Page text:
From Mr Robert Pickering.
Sir, Like many of his shareholders, I was dismayed when Antony Jenkins, Barclays’ chief executive, came out with the tired old cliché of the death spiral to justify paying out higher bonuses to his investment bankers in a year when profits were down.
I ran an investment bank for a number of years and was regularly held up at gunpoint and told that we had to jack up so-and-so’s pay to prevent him or her from leaving (usually for Goldman Sachs and invariably for “twice what they get here”). Sometimes I paid up and sometimes I didn’t, but the outcome in the long term was usually the same; people came and went, the business went through peaks and troughs but life carried on. In the febrile days of 2000, my predecessor was told that the very survival of our 200-year-old firm was dependent on the continued employment of a 20-something individual who had been in the industry for about 18 months. We offered him a partnership but he left anyway. A few years later, I reminded my senior management team of this incident and none of us, myself included, could remember his name.
It is true that these defections are disruptive, unpleasant and alarming for those who have to manage the immediate fallout but what is remarkable when considered dispassionately is not how fragile these businesses are but how resilient. There are many examples of firms that have survived changes of personnel and ownership but still managed to reinvent themselves as viable and successful businesses. I cannot think of a single example of a well-established firm ceasing to exist because of staff defections, although there are plenty of examples of firms going bust in bull markets because of poor management and excessive leverage.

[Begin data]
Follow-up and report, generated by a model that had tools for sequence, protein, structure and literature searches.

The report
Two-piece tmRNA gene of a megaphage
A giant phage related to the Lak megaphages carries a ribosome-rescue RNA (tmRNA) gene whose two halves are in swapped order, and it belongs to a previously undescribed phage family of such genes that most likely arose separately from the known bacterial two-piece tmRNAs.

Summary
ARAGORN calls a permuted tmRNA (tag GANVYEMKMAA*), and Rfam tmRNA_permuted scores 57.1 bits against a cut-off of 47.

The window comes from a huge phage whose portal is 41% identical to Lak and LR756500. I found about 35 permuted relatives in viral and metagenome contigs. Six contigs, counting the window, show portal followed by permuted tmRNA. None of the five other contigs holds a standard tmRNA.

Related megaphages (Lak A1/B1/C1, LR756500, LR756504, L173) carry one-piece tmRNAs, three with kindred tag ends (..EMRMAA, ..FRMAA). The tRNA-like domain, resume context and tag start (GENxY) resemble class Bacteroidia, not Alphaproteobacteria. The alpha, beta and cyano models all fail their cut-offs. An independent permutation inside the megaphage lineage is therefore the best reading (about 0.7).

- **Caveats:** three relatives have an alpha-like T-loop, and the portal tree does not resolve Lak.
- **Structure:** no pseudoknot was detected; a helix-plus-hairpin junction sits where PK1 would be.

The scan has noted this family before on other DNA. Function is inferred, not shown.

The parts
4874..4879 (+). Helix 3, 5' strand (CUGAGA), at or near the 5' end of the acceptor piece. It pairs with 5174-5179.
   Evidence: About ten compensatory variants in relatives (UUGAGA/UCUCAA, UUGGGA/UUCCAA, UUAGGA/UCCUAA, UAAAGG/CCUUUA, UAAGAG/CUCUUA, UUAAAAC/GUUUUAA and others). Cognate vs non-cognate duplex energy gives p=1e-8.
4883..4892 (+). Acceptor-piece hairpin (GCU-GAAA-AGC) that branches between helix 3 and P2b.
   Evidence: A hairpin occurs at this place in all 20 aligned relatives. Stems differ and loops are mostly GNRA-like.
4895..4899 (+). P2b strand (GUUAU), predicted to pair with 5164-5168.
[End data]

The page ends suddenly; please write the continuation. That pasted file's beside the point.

The problem obviously is that the management of investment banks, right up to the top, have an interest in perpetuating the myth of the death spiral in order to justify high pay. It is absolutely ingrained in the culture of these organisations and Mr Jenkins’ antagonists at BarCap in the US, having been schooled in the rough, tough world of Lehman Brothers, will be master exponents of the art form.
What is needed is an equally tough and experienced manager who is able to see these threats for what they are and face them down, even at the cost of some short-term disruption. It is possible that Mr Jenkins will prove his doubters wrong and come out on top, but from my armchair it looks like an unequal fight and my money would be on the investment bankers.
Robert Pickering, London W8, UK
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